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A weekend with the new Apple TV

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The iPhone 6S and iPad Pro are cool and all, but the Apple gadget that I was most looking forward to this fall was the new Apple TV. It is, quite notoriously, the device that Apple has most publicly neglected over the years. Its last big update was way back in 2012, when Apple finally added 1080p support. And even that third-gen Apple TV wasn't too exciting, since it looked exactly the same as the one released in 2010. So yah, it was about time Apple totally rethought its approach to TV. After finally getting to test one out over the weekend, I found that the new fourth-generation Apple TV was worth the wait -- though there are still plenty of issues to iron out.

Gallery: Apple TV (2015) hands-on | 10 Photos

Everything about the new Apple TV feels different: The device itself looks like two of its predecessors stacked together. On the rear, there are HDMI, Ethernet and USB-C ports (sorry, optical audio fans). Instead of the minimalist silver remote Apple has relied on for years, it sports a larger wireless remote that looks a strange combination of iPhone and MacBook design. There's a touchpad on top that feels about as smooth as a MacBook's touchpad, and the bottom half is covered in glass, reminiscent of the iPhone 4. It has buttons for voice search, "Menu" (which mostly serves as a back button), and "Home," as well as play/pause and volume buttons (which controls volume on your TV or receiver over HDMI).

The back of the remote is all metal, with rounded edges resembling the iPhone 6. Oh, and it charges over a Lightning cable now, which is particularly useful since the remote's motion controls might be a bit of a power drain. Overall, it simply feels great, whereas the last Apple TV remote feels outrageously dated by now.

Setting up the new Apple TV is a great example of the tight integration Apple can achieve with its devices. After pairing the remote wirelessly, you can just hold an iOS device near the Apple TV to transfer your wireless and Apple ID credentials. You'll have to enter your Apple ID password on your iOS device, but that's still a better onboarding experience than having to type with the onscreen keyboard.

The other big change is tvOS, the iOS offshoot powering the new Apple TV. instead of the dark and simple decor of the last Apple TV, the tvOS interface is all about bright colors that pop on its white background. Yes, you could call it a night and day difference. Surprisingly, there's very little installed on your Apple TV home screen when you first start using it. You'll have to hop over to the app store to add services like Netflix, Hulu, and HBO Now.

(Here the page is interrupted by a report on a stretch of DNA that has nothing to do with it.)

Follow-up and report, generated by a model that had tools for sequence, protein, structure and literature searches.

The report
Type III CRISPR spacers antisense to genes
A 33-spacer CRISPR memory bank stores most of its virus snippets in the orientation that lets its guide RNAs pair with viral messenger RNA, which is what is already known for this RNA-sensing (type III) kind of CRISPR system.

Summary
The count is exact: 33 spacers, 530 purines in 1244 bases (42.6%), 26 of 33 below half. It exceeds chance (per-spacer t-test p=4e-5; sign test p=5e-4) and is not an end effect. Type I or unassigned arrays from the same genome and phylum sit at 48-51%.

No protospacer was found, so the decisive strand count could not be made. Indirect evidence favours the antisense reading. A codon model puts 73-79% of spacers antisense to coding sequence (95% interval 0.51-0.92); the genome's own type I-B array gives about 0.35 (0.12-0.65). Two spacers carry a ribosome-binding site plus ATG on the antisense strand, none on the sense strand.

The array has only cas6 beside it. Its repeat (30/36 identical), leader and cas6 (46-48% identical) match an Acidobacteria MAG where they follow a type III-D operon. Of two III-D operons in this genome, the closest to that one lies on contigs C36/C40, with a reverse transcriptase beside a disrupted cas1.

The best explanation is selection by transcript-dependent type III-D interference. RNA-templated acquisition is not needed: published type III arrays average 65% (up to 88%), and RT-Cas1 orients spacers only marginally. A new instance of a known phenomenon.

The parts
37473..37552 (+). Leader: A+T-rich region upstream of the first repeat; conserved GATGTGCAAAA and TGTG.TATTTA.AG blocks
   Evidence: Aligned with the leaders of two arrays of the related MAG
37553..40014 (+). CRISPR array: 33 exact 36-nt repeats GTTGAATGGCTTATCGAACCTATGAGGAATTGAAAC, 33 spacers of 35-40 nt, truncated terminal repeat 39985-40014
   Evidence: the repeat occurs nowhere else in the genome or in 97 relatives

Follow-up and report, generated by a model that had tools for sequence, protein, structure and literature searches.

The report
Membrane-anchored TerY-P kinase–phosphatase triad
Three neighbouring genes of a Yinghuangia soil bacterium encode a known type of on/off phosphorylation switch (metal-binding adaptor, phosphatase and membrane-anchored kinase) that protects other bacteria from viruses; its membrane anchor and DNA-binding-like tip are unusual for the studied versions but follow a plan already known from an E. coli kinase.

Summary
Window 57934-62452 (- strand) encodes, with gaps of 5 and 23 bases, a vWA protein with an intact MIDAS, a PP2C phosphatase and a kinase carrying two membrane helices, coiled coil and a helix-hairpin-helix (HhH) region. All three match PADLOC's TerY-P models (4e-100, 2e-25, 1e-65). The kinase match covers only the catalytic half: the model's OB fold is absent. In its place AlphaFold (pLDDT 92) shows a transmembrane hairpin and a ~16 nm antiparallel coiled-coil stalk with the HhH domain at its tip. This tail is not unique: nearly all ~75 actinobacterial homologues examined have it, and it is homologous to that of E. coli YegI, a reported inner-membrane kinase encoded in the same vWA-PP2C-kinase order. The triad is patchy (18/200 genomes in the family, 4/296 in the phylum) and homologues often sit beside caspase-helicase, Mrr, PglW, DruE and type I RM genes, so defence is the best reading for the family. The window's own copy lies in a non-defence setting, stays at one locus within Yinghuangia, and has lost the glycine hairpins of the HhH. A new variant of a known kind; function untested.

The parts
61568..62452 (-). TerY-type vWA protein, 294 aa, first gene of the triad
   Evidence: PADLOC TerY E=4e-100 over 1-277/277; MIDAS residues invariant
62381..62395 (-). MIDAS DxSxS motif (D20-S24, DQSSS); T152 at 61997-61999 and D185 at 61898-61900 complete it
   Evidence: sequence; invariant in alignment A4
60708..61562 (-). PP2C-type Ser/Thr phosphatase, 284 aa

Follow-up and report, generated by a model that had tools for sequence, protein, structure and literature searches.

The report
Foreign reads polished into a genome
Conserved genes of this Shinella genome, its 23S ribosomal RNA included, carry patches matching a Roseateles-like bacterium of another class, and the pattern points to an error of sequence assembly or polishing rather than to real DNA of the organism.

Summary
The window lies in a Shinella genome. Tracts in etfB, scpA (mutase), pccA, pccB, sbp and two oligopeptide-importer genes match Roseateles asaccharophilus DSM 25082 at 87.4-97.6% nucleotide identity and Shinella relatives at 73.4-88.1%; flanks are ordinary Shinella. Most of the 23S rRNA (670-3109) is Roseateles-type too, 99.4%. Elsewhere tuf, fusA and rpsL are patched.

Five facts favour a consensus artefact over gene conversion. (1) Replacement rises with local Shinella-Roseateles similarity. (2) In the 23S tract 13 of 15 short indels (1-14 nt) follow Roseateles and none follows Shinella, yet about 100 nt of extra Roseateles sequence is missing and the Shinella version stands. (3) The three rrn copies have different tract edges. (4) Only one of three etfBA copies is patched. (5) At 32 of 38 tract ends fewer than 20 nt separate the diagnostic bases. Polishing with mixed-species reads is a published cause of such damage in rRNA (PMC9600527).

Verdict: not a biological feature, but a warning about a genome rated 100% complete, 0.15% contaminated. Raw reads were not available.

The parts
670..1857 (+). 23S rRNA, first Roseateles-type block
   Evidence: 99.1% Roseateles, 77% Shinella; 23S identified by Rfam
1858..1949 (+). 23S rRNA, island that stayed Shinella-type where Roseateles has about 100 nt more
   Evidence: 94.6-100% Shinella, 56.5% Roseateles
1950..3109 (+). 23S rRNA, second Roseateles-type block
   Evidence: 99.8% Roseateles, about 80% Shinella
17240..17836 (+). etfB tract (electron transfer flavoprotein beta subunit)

At this point the app store has most of the popular offerings from the last Apple TV, along with a plethora of games and a handful of apps that show off entirely new experiences. Strangely enough, the new QVC app is one of the best examples of what developers can do with tvOS: It shows off live TV feeds, along with options to buy products right from the Apple TV. Late-night shopping just got a bit more dangerous.

When it comes to maneuvering around tvOS, the new remote is a dream. Its trackpad offers a level of fluidity that never would have been possible with a traditional directional pad. There are downsides, though, when it comes to precise selections. Its easy to overshoot or undershoot with the trackpad when you're aiming for a particular piece of content, or something on the menu. And it's a shame that the new on-screen keyboard feels just as bad as hunting and pecking on the old Apple TV. It features a single line of characters that you have to swipe back and forth to select. Even worse, Apple hasn't updated its remote app to support the new Apple TV yet, which was always a great fallback for extended on-screen typing, and there's no Bluetooth keyboard support yet. Hopefully you won't have to do too much typing after setting up your favorite streaming services.

It's pretty clear that Apple spent much more time thinking about voice search this time around than it did text input. You just need to hold down the microphone button on the remote to activate Siri, and then ask it for specific titles, actors or directors. You can even ask it questions naturally, like "show me some new horror movies." Best of all, Siri doesn't just fetch you results on iTunes, it will also alert you if something is on Netflix, Hulu and HBO Now, in addition to other services. Unfortunately, Siri can't search your personal iTunes library or network shares yet, but I'm hoping that's added eventually.

On the gaming side, I was surprised just how good some games looked on my TV, though everything I tested like Rayman Adventures and Crossy Road are basically just mobile ports. Apple requires that all games support the remote, which is nice for compatibility purposes, but rough since the trackpad isn't very precise for some games. You can also wirelessly connect a PC gaming controller to it as well. but I wasn't able to test one of those out yet, unfortunately. There's certainly plenty of gaming potential here, but the Apple TV won't be replacing your gaming console anytime soon. At the very least, it's now on par with Amazon and Roku's set-top gaming efforts.

As nice as the interface and remote upgrades are, the new Apple TV doesn't support 4K video, which might be deal breaker for many people with shiny new TVs. That's a particular shame, since 4K is something both the new Roku 4 and Fire TV are touting as key features. I'm not rushing to jump into 4K yet either, but having it would have been a nice way to future-proof the new Apple TV. As it stands, you can bet that 4K is something next year's model will support.

I'm still in the midst of testing out the new Apple TV, so check back in for a full review later this week.

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